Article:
BALDWIN: Speaking of the data, you know, you're in Georgia, starting to reopen. But that's not supported by the data, not one state has met the White House recommendations of a decline in cases for 14 days.
And I know we're talking about a bunch of models, but you know, this is happening, is this prominent model from the University of Washington increases its death toll projection -- we talked about this yesterday -- up to 74,000. You know, why are states disregarding the data?
GUPTA: This is an inflection point. I think, as you might guess, between the economy and wanting to open up the economy, and what the public health sort of guidelines are and the recommendations are. I will point out that these are recommendations that the federal government put out, but they were very clear, very easy to understand.
That, in addition to having a 14-day downward trend in the number of infections, which we don't have -- as you point out, no state has -- a 14-day downward trend in what we call symptoms, you know, people who have not necessarily tested positive, but you know, they have the symptoms that are similar to coronavirus, and having adequate testing in place.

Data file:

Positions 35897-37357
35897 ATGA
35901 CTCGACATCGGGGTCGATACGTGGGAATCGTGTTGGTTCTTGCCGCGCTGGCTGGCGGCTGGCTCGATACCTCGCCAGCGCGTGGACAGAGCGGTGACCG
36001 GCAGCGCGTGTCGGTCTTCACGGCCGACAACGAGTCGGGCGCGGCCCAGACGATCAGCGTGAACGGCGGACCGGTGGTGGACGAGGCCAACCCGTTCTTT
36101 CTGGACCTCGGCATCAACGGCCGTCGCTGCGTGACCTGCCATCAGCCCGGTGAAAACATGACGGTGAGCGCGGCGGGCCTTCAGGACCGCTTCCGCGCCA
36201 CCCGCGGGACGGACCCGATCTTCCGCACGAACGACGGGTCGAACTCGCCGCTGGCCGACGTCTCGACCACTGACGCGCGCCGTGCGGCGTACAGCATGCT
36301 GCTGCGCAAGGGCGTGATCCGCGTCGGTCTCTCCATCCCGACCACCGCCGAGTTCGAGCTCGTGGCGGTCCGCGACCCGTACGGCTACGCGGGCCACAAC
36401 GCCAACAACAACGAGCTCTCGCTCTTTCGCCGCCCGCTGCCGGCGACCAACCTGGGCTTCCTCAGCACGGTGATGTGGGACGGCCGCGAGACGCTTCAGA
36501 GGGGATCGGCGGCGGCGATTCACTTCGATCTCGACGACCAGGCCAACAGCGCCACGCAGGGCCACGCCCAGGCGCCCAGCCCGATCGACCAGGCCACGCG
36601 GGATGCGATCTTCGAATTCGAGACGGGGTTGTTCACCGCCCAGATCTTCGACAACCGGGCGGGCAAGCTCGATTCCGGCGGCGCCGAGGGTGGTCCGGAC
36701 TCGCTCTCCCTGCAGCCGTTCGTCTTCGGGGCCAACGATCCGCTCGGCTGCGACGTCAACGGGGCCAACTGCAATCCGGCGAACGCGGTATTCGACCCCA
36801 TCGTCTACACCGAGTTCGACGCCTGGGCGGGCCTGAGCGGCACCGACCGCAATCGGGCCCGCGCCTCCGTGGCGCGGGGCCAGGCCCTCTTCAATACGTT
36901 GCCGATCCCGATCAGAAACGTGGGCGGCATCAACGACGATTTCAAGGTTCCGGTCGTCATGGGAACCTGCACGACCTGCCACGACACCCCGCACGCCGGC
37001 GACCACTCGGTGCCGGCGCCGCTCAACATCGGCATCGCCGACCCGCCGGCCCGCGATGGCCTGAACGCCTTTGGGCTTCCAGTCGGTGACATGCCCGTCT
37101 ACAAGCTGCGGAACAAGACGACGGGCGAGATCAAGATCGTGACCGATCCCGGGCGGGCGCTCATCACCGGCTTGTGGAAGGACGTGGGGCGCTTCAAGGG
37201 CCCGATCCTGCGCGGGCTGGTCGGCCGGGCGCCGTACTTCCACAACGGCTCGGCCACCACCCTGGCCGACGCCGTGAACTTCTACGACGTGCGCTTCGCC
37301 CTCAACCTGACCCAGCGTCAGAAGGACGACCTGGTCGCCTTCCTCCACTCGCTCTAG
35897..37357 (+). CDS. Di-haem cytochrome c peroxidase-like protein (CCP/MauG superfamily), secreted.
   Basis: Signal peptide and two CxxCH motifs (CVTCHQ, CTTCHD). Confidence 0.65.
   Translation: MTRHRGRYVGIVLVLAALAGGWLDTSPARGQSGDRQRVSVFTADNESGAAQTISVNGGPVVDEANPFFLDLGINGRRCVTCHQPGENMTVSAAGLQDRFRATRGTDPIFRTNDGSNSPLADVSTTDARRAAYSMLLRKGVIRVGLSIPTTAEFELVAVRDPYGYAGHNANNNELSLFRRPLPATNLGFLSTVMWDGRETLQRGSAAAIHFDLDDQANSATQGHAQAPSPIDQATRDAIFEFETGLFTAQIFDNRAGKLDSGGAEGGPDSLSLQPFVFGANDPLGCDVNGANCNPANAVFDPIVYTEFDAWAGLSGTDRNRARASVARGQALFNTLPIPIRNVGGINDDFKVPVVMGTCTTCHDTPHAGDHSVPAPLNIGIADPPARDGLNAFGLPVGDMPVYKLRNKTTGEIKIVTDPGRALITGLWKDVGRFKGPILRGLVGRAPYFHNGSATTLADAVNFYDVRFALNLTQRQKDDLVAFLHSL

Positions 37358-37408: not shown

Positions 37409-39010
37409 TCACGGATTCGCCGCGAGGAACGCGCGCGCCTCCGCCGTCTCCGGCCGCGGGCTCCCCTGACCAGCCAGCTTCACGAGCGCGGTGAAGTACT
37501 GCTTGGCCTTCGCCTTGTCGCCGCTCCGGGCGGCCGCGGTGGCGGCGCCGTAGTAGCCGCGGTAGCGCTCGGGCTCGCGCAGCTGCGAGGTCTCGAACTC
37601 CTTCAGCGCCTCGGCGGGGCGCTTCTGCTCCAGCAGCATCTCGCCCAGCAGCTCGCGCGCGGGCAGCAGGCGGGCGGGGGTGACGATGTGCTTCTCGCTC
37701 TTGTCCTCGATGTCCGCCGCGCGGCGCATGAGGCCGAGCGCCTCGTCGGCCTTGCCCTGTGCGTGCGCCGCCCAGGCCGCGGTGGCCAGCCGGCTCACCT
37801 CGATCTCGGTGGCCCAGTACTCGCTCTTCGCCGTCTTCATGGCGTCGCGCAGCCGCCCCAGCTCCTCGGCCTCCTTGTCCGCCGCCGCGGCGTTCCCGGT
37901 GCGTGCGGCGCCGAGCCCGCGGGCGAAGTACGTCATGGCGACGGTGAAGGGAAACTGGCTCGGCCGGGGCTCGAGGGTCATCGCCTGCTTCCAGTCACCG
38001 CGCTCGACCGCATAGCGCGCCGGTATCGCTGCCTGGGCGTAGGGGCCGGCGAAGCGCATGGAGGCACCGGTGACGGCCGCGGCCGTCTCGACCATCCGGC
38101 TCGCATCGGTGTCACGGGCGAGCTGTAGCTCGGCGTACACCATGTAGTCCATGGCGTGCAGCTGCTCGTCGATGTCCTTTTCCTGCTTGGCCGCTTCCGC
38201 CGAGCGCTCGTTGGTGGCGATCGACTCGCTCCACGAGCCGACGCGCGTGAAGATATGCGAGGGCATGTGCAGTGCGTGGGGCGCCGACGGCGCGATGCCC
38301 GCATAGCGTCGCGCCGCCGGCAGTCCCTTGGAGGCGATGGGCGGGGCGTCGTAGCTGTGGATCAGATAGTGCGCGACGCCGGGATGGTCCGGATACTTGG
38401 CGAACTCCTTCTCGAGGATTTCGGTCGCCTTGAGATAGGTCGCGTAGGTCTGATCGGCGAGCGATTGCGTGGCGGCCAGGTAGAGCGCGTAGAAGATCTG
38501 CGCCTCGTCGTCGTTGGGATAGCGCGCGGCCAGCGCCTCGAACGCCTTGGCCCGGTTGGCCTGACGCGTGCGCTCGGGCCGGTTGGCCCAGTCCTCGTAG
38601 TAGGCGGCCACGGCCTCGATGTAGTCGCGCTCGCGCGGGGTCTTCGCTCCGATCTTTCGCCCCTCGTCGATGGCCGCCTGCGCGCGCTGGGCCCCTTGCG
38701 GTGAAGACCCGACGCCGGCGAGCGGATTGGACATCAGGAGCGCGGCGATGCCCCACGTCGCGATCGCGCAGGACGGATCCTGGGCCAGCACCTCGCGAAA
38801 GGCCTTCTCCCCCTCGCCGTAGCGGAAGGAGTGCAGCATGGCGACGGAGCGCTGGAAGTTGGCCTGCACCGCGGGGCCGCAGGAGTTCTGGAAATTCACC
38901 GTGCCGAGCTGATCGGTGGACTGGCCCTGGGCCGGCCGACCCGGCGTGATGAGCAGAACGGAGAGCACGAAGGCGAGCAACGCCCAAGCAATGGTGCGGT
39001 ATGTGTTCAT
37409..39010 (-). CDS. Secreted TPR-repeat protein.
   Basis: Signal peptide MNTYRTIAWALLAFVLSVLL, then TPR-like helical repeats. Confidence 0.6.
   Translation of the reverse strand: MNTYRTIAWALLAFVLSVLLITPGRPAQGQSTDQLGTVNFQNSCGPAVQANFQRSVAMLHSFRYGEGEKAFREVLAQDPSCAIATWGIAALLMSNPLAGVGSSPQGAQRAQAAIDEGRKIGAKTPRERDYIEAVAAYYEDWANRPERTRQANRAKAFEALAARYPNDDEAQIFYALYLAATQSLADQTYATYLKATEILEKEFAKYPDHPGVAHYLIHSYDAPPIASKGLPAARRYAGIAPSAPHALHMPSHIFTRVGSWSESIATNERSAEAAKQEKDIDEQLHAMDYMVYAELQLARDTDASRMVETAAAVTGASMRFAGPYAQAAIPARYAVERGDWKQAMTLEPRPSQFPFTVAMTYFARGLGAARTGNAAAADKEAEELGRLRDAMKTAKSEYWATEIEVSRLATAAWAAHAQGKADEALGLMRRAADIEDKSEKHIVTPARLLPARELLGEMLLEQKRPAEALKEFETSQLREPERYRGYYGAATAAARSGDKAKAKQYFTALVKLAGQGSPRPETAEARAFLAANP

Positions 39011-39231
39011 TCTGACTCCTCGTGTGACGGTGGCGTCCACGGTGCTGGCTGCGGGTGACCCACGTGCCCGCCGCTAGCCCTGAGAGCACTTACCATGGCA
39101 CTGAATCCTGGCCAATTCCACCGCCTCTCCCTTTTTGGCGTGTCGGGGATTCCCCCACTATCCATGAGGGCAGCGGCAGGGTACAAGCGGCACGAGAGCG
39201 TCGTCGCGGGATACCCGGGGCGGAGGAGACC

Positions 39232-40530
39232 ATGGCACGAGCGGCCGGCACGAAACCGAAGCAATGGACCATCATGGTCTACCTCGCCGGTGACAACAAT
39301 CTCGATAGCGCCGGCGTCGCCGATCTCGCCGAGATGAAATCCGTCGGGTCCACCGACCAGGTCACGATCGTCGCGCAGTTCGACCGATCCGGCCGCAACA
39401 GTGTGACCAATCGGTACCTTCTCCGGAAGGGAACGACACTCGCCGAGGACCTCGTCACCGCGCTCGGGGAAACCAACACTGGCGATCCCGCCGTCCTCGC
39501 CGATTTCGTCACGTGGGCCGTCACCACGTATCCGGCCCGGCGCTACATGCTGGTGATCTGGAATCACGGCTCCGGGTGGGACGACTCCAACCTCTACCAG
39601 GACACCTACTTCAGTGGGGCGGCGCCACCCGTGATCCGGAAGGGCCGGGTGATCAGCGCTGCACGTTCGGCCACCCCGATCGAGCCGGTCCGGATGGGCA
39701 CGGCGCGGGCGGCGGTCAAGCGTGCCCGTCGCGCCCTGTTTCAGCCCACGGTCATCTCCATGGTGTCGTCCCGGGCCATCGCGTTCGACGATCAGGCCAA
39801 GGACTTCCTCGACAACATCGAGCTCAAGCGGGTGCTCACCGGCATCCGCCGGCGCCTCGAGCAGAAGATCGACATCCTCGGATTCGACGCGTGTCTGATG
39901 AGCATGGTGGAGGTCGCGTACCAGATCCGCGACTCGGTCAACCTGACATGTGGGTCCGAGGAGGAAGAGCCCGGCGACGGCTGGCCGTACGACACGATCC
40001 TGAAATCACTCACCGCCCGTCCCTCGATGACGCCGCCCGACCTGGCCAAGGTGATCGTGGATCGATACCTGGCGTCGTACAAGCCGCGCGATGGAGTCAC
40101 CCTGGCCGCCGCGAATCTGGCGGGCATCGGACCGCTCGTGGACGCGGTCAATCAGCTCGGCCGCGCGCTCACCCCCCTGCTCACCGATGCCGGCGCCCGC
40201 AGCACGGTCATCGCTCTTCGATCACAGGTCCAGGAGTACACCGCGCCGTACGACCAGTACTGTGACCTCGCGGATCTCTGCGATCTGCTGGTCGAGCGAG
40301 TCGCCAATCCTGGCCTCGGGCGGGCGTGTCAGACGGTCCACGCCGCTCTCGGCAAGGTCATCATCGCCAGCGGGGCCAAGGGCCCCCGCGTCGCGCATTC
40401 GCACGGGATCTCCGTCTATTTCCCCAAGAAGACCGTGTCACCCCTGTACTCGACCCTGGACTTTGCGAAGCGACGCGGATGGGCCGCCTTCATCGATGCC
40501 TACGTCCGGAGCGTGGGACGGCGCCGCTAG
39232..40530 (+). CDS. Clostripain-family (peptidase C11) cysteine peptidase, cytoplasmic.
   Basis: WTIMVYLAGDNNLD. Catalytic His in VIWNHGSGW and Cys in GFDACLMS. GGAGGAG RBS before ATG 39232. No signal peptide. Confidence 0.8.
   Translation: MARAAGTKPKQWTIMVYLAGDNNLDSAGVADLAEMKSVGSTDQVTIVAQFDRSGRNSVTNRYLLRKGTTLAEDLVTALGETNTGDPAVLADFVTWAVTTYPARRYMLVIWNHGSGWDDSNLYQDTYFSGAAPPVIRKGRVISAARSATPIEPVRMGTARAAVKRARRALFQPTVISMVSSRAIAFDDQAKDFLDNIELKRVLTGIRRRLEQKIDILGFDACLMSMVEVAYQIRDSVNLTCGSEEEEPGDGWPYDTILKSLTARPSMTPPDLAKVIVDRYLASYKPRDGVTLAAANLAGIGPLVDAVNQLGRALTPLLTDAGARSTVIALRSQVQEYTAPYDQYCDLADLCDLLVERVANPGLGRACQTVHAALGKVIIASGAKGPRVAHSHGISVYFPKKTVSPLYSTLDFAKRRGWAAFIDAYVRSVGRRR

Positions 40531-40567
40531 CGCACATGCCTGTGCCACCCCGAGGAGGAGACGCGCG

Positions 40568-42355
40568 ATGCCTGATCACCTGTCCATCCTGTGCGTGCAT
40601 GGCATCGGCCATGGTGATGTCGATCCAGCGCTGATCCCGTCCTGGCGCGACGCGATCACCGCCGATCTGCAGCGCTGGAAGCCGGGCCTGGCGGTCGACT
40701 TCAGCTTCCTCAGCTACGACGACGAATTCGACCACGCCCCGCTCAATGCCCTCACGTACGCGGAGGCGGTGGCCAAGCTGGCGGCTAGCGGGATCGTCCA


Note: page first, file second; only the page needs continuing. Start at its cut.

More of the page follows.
We don't have those things right now. So, you know, I think what we're starting to see here in Georgia -- it's just been a couple of days, Brooke -- is that while people can go out, even to restaurants and to movie theaters, now, as of Monday, there's a lot of people who still aren't.
I mean, there's a lot of fear out there because people don't know whether they may be having the virus in their system, they haven't been able to get tested. They may spread it. Or if they don't have the virus, they may contract it, bring it home even if they themselves don't get sick. So it's tough. I mean, I think psychologically more than anything else, it's been tough.
But you're absolutely right. States, including the one that I'm living in, are defying the data. The data is clear, the data doesn't lie. Dr. Fauci said regarding Georgia, I would advise against reopening. The president obviously said he disagreed with the decision. Ambassador Birx said, look, we made this as easy to understand as possible, here's why we put in these guidelines and these gating criteria. And obviously that's not happening here in Georgia.